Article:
2D + 2D = 3D pt.4
Monday, March 2, 2009 at 10:56PM
Richard Terrell (KirbyKid) in Abstraction, Dynamics, LittleBigPlanet, Mario Strikers Charged, Pikmin, Super Mario Galaxy, Super Monkey Ball

Continuing from part 3...


3D Punctuation

Many 3D games don't use all 3 dimensions evenly. For these games, the gameplay is mostly either 2D side-scrolling or 2D top down while only occasionally using the Z or Y axis respectively. I describe such games as punctuating the 3rd dimension. The range for this classification includes games that shift between quantified dimensions to games that fall just short of supporting gameplay dynamics that use every dimension evenly. The best way to go about understanding the distinction between 3D punctuating games and full 3D games is to look at examples that gradually move from one end of the spectrum to the other.


Quantified Dimensions


Analog 3D with Minimal to Sub Full 3D Gameplay


Full 3D Gameplay

Instead of combining a variety of largely independent design layers to create 3D gameplay like with the examples above, the core dynamics of the following games depend on 3D interactions of 3D objects and 3D space.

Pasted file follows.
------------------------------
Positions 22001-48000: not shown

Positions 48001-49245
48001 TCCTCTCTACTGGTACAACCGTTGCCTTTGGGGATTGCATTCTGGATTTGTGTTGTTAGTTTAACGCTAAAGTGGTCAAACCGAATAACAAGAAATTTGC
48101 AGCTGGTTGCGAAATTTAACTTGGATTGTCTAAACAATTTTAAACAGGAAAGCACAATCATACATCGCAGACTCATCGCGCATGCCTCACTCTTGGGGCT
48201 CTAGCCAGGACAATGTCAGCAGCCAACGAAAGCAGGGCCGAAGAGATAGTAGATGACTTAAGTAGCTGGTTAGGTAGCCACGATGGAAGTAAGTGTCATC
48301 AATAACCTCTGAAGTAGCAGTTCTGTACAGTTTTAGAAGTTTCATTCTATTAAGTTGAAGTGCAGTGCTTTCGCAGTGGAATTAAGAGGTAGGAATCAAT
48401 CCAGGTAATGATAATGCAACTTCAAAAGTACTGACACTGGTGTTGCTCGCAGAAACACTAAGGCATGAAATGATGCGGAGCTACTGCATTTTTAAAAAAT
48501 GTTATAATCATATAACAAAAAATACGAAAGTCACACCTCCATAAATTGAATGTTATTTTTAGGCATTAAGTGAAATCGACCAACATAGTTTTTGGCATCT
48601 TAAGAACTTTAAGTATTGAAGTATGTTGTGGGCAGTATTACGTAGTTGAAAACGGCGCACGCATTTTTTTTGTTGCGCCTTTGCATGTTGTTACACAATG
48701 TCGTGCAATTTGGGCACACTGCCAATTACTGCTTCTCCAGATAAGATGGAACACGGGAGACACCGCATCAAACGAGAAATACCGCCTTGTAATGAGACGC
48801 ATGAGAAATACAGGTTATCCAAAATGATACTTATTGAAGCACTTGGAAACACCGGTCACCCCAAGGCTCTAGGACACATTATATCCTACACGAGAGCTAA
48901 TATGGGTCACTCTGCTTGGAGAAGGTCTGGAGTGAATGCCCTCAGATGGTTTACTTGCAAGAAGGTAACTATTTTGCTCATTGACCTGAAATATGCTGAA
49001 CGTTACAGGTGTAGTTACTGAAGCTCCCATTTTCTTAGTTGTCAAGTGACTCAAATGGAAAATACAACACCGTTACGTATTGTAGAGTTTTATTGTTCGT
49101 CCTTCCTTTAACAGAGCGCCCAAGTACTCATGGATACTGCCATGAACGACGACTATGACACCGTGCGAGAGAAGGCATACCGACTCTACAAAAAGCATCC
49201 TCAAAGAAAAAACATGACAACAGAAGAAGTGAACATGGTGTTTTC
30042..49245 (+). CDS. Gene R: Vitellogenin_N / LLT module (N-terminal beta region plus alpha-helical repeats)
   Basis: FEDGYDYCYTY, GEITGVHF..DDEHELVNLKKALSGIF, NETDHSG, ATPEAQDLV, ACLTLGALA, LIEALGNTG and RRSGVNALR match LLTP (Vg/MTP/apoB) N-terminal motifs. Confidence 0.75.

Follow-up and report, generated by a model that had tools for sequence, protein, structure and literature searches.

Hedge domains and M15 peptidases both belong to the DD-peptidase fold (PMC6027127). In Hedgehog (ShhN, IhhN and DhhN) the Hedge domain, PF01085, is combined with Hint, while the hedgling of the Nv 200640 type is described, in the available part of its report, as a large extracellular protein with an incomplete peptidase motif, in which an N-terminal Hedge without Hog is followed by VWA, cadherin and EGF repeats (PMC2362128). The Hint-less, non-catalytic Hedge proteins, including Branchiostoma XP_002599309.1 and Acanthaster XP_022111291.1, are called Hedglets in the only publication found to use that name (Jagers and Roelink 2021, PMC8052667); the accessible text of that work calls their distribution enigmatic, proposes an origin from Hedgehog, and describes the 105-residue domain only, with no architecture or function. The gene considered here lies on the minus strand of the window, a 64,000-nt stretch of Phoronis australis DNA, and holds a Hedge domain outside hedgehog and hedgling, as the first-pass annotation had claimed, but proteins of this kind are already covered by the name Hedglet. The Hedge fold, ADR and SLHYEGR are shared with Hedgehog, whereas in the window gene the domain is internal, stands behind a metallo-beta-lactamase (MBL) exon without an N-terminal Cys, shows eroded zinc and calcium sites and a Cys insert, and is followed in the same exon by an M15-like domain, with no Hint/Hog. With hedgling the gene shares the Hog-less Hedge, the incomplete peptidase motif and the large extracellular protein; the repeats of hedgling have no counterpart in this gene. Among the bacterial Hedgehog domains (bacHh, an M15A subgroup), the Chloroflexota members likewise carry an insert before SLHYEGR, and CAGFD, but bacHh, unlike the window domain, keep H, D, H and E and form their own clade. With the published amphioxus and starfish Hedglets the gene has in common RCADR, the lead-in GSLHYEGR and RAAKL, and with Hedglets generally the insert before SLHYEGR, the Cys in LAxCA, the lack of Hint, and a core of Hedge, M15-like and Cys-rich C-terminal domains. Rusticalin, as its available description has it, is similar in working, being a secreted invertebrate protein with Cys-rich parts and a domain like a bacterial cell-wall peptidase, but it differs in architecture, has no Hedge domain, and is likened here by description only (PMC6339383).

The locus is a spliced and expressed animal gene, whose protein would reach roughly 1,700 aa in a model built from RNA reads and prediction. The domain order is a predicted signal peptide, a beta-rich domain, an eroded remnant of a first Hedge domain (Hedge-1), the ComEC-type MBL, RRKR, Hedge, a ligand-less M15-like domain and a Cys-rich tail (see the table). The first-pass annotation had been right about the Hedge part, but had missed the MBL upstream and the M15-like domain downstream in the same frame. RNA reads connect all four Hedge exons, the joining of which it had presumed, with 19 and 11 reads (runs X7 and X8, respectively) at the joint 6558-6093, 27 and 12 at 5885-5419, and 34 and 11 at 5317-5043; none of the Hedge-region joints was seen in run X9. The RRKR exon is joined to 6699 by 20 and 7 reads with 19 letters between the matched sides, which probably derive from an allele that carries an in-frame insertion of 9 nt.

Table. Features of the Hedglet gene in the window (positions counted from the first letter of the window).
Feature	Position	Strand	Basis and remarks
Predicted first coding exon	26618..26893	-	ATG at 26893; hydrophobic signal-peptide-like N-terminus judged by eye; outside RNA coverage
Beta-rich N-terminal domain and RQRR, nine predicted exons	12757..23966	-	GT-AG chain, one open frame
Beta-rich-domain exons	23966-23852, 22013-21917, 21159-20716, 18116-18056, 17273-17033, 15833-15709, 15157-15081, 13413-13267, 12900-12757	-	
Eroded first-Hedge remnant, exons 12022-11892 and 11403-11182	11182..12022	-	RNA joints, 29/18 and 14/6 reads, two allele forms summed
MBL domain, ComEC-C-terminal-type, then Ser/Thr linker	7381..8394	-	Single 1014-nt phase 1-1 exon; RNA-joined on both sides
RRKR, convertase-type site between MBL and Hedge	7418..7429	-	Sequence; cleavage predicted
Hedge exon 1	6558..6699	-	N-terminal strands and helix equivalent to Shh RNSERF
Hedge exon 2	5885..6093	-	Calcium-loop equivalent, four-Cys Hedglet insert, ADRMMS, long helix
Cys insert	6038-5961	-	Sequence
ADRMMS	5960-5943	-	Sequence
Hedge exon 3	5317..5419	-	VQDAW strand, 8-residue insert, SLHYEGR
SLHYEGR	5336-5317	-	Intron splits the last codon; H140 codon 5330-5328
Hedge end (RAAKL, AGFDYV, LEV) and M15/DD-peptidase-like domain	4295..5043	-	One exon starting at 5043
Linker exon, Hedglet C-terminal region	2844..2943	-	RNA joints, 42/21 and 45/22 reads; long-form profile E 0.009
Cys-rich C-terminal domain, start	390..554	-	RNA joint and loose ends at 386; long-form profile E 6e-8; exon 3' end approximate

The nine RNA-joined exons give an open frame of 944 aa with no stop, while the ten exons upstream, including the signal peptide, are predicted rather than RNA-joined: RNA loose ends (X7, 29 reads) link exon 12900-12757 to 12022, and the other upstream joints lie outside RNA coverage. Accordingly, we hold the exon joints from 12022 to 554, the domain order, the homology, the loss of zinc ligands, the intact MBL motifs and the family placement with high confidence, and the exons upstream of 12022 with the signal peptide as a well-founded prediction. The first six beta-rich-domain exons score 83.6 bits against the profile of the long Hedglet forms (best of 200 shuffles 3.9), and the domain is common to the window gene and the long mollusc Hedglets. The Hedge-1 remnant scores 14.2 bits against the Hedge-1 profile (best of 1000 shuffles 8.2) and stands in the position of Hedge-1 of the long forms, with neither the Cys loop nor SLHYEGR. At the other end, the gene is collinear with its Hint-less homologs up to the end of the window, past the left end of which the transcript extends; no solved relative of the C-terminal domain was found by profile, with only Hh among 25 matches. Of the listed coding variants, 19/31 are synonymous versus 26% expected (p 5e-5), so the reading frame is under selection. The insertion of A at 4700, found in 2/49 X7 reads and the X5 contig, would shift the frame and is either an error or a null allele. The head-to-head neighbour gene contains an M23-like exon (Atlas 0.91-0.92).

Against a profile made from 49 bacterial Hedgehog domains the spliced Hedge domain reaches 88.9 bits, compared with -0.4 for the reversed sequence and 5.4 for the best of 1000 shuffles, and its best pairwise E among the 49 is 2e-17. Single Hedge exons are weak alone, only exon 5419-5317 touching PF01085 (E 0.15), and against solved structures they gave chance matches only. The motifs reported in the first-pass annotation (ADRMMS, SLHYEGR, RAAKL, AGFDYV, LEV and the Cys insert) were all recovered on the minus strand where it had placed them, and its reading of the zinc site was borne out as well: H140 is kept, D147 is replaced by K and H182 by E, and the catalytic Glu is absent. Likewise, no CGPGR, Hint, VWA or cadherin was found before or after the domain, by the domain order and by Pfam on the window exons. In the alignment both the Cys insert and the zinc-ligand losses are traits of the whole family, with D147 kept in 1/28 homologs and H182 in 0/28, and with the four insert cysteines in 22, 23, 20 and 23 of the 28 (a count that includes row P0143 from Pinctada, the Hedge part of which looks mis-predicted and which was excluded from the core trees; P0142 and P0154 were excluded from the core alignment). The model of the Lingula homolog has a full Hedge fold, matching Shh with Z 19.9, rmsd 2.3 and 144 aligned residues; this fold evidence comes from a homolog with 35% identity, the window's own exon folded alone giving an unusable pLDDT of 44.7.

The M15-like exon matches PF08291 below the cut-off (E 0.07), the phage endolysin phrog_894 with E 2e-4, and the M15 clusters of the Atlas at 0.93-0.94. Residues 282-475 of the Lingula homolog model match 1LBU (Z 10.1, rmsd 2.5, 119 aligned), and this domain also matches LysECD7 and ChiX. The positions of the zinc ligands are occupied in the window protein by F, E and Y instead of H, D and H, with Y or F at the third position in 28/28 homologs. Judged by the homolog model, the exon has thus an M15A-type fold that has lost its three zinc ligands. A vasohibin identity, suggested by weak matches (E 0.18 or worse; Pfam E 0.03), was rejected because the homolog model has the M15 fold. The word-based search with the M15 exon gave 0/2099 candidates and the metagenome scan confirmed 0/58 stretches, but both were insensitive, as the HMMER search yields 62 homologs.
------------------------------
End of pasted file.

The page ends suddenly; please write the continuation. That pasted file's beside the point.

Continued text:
For all games that aren't full 3D gameplay games, understanding the 3D design is only a matter of understanding how the underlying 2D systems are put together and/or how the 3rd dimension is punctuated. But there's another important issue that has plague 3D game design that must be discussed. If perspective is a new dynamic for 3D game spaces, then a game's camera design can make or break the gameplay. In part 5, I'll uncover why camera design is so inherently tricky, and what designers have done to simplify 3D back into 2D.

Article originally appeared on Critical-Gaming Network (http://critical-gaming.com/).
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